A K’Nex contraption (Credit: Druyts.t via Wikimedia Commons)
Recently, however, I had an epiphany that has forced me to rethink why I love living things so much and reexamine what life is, really. For as long as people have studied life they have struggled to define it. Even today, scientists have no satisfactory or universally accepted definition of life. While pondering this problem, I remembered my brother’s devotion to K’Nex roller coasters and my curiosity about the family cat. Why do we think of the former as inanimate and the latter as alive? In the end, aren’t they both machines? Granted, a cat is an incredibly complex machine capable of amazing behaviors that a K’Nex set could probably never mimic. But on the most fundamental level, what is the difference between an inanimate machine and a living one? Do people, cats, plants and other creatures belong in one category and K’Nex, computers, stars and rocks in another? My conclusion: No. In fact, I decided, life does not actually exist.
Allow me to elaborate.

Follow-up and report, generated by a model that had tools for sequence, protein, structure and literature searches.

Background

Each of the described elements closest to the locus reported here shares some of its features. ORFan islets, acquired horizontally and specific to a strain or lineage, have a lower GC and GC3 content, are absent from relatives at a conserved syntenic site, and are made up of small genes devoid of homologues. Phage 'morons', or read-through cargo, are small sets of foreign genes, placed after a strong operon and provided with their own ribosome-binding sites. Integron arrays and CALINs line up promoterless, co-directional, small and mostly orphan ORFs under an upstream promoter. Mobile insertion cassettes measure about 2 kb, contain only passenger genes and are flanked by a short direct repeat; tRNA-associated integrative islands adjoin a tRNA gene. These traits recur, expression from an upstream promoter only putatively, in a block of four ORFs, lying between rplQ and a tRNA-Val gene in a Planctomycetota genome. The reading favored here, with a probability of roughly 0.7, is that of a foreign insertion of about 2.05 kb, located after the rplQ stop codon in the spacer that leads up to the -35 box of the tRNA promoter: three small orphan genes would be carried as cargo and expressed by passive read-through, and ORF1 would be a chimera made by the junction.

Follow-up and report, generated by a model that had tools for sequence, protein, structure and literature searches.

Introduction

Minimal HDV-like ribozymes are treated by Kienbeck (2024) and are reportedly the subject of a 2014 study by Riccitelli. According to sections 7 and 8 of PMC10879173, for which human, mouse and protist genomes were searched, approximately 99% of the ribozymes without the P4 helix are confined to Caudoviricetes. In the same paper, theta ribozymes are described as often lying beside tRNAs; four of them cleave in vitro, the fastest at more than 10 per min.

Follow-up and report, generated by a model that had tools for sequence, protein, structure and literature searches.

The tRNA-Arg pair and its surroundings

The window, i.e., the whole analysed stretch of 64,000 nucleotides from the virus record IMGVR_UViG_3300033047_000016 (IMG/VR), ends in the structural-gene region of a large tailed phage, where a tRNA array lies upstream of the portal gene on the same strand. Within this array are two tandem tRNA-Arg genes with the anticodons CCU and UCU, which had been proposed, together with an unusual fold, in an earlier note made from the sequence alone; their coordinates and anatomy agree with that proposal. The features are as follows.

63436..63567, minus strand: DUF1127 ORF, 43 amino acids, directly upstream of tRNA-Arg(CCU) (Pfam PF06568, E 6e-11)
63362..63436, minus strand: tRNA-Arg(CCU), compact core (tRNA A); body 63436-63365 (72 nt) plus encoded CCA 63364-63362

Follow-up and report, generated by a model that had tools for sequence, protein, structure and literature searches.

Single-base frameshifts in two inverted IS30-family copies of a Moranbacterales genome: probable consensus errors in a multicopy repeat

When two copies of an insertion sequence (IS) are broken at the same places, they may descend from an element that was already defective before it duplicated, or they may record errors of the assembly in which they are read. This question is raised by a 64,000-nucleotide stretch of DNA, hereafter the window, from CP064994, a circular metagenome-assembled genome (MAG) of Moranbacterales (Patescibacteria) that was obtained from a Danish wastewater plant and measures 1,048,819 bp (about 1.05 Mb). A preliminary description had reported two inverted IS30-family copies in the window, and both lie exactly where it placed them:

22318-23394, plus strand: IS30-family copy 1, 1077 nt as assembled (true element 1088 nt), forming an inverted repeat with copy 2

Formal attempts to precisely define life date to at least the time of ancient Greek philosophers. Aristotle believed that, unlike the inanimate, all living things have one of three kinds of souls: vegetative souls, animal souls and rational souls, the last of which belonged exclusively to humans. Greek anatomist Galen proposed a similar, organ-based system of “vital spirits” in the lungs, blood and nervous system. In the 17th century, German chemist George Erns Stahl and other researchers began to describe a doctrine that would eventually become known as vitalism. Vitalists maintained that “living organisms are fundamentally different from non-living entities because they contain some non-physical element or are governed by different principles than are inanimate things” and that organic matter (molecules that contained carbon and hydrogen and were produced by living things) could not arise from inorganic matter (molecules lacking carbon that resulted primarily from geological processes). Subsequent experiments revealed vitalism to be completely untrue—the inorganic can be converted into the organic both inside and outside the lab.